said, he merely rose to express the anxiety he felt that the abuses of the Church should be reformed, and that ecclesiastical property should be placed under better management. He was of opinion that sinecures of all descriptions connected with the establishment of the Church should be abolished; while, at the same time, he was desirous that those who performed duty in the Church should be adequately remunerated for it. He should postpone the expression of his opinions in detail, until the period when the Bill came before the House for a second reading.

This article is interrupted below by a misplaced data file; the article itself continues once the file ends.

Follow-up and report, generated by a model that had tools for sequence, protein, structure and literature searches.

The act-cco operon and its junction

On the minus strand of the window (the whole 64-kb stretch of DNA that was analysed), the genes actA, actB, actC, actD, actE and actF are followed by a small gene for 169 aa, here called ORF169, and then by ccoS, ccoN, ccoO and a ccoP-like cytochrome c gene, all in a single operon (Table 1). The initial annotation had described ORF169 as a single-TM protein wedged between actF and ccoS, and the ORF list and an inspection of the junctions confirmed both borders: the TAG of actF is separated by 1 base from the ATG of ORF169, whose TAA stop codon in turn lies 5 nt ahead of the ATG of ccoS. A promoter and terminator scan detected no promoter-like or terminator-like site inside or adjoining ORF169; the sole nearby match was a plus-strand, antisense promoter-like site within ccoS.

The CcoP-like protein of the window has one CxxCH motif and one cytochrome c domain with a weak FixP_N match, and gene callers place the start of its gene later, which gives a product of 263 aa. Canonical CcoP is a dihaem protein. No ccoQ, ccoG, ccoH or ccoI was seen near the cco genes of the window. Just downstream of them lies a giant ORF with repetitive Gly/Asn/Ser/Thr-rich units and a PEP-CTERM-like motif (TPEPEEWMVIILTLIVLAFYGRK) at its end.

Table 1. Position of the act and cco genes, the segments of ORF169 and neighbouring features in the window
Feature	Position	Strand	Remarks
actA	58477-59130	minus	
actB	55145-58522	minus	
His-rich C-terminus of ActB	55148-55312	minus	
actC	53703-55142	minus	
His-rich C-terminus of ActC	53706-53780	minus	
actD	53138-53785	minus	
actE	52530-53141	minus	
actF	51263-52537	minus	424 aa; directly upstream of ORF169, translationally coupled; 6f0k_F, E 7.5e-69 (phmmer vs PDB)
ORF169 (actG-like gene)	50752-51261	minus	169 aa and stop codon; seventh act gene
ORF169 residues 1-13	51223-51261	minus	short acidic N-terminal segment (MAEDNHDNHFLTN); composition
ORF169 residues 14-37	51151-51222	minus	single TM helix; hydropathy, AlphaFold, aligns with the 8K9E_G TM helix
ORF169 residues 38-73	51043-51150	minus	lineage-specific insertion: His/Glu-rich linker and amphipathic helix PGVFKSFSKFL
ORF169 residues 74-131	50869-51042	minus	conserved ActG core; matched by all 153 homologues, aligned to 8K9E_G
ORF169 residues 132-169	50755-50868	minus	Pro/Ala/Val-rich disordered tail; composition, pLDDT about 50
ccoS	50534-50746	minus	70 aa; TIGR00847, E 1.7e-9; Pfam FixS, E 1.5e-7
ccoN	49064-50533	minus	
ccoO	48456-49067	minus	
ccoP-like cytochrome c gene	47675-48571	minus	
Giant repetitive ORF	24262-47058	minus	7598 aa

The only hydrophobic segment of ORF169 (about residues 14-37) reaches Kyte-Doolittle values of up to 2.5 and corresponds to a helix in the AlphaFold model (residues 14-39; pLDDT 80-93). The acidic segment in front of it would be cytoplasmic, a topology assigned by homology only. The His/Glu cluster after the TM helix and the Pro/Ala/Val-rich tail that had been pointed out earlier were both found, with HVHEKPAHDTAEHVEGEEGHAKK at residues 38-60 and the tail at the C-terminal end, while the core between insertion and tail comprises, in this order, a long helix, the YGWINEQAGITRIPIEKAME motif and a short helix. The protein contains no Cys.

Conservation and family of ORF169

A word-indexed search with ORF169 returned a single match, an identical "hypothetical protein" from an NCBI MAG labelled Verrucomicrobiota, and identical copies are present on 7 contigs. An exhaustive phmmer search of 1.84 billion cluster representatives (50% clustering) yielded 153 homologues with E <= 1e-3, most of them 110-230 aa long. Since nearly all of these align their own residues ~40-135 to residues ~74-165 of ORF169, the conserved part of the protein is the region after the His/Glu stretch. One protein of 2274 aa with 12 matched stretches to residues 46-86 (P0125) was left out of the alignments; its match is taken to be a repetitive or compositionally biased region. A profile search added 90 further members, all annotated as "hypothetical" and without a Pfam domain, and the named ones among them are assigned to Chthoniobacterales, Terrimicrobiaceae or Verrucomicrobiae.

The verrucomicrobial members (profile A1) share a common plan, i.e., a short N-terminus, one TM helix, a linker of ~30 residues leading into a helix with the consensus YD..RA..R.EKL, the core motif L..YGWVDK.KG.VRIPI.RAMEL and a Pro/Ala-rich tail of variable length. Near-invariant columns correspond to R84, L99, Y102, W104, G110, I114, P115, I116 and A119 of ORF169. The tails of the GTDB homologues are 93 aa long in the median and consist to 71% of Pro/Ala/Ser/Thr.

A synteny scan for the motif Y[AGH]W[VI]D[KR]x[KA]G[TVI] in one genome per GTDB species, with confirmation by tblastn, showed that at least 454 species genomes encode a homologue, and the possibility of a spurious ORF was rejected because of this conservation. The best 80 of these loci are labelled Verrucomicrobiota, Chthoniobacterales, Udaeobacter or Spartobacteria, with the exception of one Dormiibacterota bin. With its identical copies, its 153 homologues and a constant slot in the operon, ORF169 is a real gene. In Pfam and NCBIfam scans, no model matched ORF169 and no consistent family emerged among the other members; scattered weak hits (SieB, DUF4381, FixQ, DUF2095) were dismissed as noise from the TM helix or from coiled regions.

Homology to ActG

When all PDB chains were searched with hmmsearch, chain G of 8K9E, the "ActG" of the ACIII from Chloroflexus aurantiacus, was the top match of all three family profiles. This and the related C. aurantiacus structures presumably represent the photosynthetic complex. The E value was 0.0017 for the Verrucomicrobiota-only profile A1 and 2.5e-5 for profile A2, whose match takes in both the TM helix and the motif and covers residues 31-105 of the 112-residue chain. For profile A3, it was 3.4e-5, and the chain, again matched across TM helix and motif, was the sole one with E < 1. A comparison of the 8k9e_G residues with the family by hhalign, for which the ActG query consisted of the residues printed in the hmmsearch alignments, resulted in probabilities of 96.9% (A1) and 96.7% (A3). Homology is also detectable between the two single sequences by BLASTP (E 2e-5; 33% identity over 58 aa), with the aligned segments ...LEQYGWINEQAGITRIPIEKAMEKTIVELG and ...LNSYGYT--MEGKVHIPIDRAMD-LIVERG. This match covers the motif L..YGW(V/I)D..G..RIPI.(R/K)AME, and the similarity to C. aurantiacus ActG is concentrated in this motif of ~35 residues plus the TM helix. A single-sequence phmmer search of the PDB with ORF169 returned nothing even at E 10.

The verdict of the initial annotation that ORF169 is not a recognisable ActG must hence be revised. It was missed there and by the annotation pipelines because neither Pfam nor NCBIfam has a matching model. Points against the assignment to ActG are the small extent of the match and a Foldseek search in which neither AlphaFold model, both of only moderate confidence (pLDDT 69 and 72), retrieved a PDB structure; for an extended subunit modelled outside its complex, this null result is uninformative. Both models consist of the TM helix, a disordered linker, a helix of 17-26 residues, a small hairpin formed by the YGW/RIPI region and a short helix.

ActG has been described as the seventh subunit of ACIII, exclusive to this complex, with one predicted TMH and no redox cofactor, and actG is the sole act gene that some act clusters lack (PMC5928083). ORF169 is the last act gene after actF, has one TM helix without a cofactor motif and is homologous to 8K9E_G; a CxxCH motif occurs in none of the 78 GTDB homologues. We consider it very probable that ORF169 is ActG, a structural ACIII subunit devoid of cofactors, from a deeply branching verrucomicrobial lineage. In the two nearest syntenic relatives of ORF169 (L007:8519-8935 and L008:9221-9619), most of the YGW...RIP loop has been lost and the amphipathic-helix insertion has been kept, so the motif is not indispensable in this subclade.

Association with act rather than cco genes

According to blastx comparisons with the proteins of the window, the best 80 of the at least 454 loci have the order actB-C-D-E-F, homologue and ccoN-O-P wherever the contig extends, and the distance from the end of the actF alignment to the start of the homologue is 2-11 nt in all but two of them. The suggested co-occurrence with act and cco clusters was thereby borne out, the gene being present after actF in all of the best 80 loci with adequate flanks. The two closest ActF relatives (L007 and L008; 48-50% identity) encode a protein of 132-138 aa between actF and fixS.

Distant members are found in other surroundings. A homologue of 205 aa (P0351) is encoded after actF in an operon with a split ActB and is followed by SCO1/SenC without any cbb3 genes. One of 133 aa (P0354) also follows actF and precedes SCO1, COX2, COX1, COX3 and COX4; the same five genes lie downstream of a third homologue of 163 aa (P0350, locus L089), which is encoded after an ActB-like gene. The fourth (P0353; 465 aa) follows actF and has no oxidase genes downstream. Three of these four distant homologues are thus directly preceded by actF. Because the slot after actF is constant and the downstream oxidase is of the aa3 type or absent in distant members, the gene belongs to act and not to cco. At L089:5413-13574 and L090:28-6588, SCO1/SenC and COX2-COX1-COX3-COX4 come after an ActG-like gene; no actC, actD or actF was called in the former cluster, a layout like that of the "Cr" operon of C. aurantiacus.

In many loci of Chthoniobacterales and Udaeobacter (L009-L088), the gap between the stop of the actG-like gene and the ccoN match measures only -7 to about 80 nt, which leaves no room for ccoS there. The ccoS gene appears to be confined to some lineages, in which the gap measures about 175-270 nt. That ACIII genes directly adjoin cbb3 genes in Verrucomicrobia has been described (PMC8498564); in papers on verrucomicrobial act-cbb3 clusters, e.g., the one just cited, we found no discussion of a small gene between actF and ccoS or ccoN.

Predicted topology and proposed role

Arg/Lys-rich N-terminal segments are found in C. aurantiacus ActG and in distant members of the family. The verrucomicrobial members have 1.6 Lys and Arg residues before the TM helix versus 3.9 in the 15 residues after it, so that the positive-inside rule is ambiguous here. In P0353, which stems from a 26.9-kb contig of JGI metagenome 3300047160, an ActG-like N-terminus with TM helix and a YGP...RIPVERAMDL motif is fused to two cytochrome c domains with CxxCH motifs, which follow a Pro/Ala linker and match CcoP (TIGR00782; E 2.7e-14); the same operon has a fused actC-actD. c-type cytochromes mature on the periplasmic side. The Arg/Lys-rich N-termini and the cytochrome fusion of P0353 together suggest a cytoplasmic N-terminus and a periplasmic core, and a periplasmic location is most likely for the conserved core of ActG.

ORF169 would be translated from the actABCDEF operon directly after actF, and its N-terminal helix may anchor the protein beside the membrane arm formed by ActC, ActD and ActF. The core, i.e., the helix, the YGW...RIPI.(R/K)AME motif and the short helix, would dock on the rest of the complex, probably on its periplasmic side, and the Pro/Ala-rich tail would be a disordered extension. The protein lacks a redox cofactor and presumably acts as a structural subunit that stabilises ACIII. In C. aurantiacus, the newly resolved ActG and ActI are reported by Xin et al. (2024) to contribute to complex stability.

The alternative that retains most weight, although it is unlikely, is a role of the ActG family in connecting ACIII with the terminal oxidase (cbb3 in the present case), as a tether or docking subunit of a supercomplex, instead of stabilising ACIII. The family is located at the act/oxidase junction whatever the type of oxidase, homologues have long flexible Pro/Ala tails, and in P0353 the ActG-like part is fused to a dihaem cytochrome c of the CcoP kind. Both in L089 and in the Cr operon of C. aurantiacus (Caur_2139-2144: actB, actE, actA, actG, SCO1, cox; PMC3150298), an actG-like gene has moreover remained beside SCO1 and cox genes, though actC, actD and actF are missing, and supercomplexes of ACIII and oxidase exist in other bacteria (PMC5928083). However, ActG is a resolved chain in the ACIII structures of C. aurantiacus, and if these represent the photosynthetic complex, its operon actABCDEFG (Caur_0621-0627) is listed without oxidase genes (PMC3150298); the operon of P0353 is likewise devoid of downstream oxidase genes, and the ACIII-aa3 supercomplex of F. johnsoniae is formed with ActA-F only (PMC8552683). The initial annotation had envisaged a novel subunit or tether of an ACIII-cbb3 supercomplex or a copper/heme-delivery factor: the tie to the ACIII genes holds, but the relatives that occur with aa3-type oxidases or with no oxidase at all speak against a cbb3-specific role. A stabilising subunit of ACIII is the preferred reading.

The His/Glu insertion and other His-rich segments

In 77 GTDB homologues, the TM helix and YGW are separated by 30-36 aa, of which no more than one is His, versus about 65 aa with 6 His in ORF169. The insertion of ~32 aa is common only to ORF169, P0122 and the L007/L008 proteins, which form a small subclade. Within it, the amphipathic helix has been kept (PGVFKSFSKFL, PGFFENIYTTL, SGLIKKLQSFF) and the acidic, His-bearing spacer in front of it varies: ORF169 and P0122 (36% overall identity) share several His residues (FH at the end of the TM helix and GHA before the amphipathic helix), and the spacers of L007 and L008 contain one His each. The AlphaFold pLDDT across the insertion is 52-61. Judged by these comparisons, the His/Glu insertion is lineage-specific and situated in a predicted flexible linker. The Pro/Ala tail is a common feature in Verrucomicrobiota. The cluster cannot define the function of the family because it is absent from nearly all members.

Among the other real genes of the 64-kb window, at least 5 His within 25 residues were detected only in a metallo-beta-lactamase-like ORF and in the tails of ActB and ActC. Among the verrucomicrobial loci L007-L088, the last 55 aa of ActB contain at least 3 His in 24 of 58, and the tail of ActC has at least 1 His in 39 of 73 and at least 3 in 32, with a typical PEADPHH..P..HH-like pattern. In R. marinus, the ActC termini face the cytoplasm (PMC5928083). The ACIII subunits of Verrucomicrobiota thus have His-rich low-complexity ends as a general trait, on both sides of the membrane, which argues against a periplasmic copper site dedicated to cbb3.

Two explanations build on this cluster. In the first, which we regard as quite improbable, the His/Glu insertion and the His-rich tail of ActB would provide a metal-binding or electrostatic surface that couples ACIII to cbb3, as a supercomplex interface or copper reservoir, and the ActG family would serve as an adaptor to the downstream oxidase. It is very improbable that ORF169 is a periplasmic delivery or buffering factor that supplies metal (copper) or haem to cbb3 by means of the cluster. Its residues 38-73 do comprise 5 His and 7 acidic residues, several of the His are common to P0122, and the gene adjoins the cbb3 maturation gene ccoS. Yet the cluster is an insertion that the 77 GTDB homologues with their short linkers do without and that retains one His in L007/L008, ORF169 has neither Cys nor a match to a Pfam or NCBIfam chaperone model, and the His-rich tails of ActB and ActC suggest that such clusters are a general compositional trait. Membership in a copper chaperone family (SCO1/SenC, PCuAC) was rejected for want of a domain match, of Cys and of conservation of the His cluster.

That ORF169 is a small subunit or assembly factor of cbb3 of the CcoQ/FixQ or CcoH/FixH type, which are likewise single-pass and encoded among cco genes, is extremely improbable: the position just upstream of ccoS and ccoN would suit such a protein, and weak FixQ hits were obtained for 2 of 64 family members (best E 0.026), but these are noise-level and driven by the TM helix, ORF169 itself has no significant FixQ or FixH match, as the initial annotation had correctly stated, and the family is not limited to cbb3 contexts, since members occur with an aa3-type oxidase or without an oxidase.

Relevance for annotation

begged to say, with respect to the observations of the hon. Baronet the Member for the University of Oxford (Sir R. Inglis), that if be gave him (Mr. Hume) credit for his consistency in his desire to reform the abuses of the Church, he (Mr. Hume) could give the hon. Baronet credit for being as consistent tit his wish to support them. He was sure that the noble Lord (the Marquess el Blandford) was acting as the best friend the Church of England had in attempting thus boldly to reform her; and it was to him (Mr. flume) a most consolatory reflection that the work he had begun twenty-five years ago was now being taken up in earnest by the members of the Church of England, who could not be accused, as he had been, of ill-will towards her. His (Mr. Hume's) object was to place the Church of England on a footing which would enable it to afford religious instruction in the best form, for the advantage of the people and of the country. He should think himself unworthy of the good opinion of any person if he did not say that since the period when he had first called attention to the subject, the Church of England had greatly improved. He entirely concurred in the opinion that the abolition of sinecures was one of the first steps that every sincere friend of the Establishment should take. His (Mr. Hume's) object twenty-five years ago was to put an end to sinecures and to prevent pluralities. It was satisfactory to see that things were coming round, and that they were now going to adopt his suggestions. If they had adopted them at the period they were offered, it would have been much the better for the Church. When it was known to the people of England that sinecures had ceased in the Civil departments, in the Army and Navy, and every department of the State, except in the Church, they must look upon it with dissatisfaction. He must express his thanks to the noble Lord for bringing forward the very proposition on which he (Mr. Hume), in the year 1837, had taken the sense of the House. If the revenues of deans and chapters were placed in lay hands, as he (Mr. Hume) had then proposed, much of the scandal that had been occasioned by the conduct of the bishops would be avoided, and the Church would now stand in a much better position.